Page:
The QA Pharm
Saturday, June 26, 2010
Writing a Procedure Doesn't Make it Happen
A firm correctly interpreted that the FDA had lost patience with their inability to sustain compliance as evidenced by repeated FDA 483 observations and the inevitable Warning Letter that arrived by certified mail to the corner office.
Rewind. What happened?
The firm had written an eloquent response to the observations that hit all the right notes. Improvements were evidenced by a revised procedure that was attached to the response, which satisfied the FDA for the moment—though the FDA noted they would see for themselves upon re-inspection.
And see for themselves they did—or rather, they didn’t.
The General Manager was stunned to hear the inspector declare at the close out meeting that there was no substantial improvement since the previous inspection.
“How can this be?” The GM’s question reverberated through the building as everyone ducked for cover and the search for the guilty began.
Unfortunately, this is a common problem, and it’s based on the unfounded notion that if you write a procedure, you make it so.
So, I’m here to declare that writing a procedure doesn’t make diddly happen.
In this instance, the theme of the FDA feedback was the ubiquitous “failure to thoroughly review the failure of a batch or any of its components to meet any of it specifications whether or not the batch has already been distributed.” But the specific issue doesn’t really matter. It could have been anything—the underlying problem remains the same.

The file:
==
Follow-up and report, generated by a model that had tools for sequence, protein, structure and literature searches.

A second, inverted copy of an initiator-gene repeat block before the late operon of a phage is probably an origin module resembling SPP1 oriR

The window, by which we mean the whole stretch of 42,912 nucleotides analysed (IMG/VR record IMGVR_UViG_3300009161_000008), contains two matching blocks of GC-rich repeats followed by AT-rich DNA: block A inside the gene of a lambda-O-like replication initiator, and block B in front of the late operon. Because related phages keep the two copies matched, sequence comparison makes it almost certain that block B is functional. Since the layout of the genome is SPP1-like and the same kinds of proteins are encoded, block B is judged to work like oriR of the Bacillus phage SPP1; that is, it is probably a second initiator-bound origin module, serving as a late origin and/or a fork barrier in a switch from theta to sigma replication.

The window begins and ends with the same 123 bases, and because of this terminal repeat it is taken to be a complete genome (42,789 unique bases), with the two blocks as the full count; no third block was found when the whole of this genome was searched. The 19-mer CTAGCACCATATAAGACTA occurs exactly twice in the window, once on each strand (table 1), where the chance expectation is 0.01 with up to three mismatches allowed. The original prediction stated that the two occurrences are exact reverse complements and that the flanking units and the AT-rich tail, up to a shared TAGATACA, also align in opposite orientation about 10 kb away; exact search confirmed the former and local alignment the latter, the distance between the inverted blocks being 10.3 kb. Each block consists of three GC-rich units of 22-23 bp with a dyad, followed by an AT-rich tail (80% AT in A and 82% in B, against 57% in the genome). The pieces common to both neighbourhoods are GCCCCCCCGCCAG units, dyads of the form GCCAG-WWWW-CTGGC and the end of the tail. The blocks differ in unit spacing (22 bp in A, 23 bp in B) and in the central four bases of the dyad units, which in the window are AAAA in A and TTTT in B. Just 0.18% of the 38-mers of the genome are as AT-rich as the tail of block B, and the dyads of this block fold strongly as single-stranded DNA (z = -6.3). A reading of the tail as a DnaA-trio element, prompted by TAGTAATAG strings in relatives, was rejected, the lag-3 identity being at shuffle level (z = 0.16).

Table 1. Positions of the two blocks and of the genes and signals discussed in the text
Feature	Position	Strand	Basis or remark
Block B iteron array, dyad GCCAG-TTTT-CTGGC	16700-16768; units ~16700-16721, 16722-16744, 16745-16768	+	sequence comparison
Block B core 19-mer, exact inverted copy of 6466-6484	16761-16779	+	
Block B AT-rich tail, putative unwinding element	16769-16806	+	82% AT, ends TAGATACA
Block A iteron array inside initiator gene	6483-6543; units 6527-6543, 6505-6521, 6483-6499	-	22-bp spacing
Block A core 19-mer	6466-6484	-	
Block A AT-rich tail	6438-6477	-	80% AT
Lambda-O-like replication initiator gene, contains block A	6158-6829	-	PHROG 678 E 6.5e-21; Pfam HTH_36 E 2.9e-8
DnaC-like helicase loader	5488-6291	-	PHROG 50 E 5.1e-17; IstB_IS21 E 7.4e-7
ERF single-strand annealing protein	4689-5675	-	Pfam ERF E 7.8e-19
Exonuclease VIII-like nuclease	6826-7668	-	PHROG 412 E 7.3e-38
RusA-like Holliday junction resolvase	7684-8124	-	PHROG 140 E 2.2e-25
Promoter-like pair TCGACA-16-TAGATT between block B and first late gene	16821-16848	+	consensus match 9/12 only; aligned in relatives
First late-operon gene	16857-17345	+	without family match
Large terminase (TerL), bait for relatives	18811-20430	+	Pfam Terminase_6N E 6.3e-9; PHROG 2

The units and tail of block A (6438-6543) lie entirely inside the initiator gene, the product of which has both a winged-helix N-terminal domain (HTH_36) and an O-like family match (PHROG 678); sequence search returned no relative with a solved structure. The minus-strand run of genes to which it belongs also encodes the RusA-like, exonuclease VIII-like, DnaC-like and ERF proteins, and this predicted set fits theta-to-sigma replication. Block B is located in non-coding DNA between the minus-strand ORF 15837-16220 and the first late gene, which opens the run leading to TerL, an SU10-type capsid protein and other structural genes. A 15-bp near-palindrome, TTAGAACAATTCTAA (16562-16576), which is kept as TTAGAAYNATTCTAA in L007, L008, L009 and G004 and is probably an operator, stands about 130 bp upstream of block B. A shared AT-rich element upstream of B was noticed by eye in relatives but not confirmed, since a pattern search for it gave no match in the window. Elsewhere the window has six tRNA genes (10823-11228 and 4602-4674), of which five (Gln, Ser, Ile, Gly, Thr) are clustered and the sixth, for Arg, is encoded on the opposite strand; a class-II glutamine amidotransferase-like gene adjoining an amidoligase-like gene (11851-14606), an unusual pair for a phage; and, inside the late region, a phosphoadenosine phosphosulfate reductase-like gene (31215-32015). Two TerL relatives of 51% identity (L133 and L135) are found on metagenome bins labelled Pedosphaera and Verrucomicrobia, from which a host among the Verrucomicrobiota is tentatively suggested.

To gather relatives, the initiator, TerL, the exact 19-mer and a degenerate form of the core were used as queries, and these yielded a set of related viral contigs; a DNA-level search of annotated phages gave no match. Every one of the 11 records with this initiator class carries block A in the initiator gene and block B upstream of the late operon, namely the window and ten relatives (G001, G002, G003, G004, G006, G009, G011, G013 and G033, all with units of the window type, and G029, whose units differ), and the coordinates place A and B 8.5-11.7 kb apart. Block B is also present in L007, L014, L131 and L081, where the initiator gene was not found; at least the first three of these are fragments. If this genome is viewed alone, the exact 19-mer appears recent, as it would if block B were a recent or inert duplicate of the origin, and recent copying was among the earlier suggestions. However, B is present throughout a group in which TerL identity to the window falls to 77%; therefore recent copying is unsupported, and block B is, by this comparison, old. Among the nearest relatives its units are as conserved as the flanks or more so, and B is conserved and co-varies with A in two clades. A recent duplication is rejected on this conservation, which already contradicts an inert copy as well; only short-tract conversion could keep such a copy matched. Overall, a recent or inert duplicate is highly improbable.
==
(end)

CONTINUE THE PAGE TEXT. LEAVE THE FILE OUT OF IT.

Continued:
It boils down to two things: organization capability and governance.
In this case, reasonable commitments were made to the FDA and appropriate changes were made to their deviation management procedure. However, the firm still lacked the resources and technical bench strength to conduct a thorough investigation and inadequate process knowledge to execute an effective corrective and preventive action.
Nothing in their response changed their organizational capability.
Further, there was no process or forum to monitor how well the deviation management system was working—before or after changes to the system were made. There were no management reviews of quality system performance metrics, and there was no attempt to verify whether they had actually fulfilled their commitment to the FDA.
They had to learn about their failure from the FDA.
The net effect was a continuation of inadequate data gathering, misjudged root cause, poorly written investigations, misguided CAPAs—and the same persistent nonconformities. (Need I mention a mountainous backlog of deviation reports and unpredictable product supply?)
So who are the guilty?
I think that the GM and the head of quality assurance equally share the blame.
The GM is certainly responsible for the overall capability of the organization. However, the head of quality assurance is responsible for reporting on the health and welfare of the quality system—and, he/she should possess no less than the skills of the head of marketing to get the right metrics to the right people at the right time to take action on data-driven decisions.
But, alas—most of us in QA are nerds.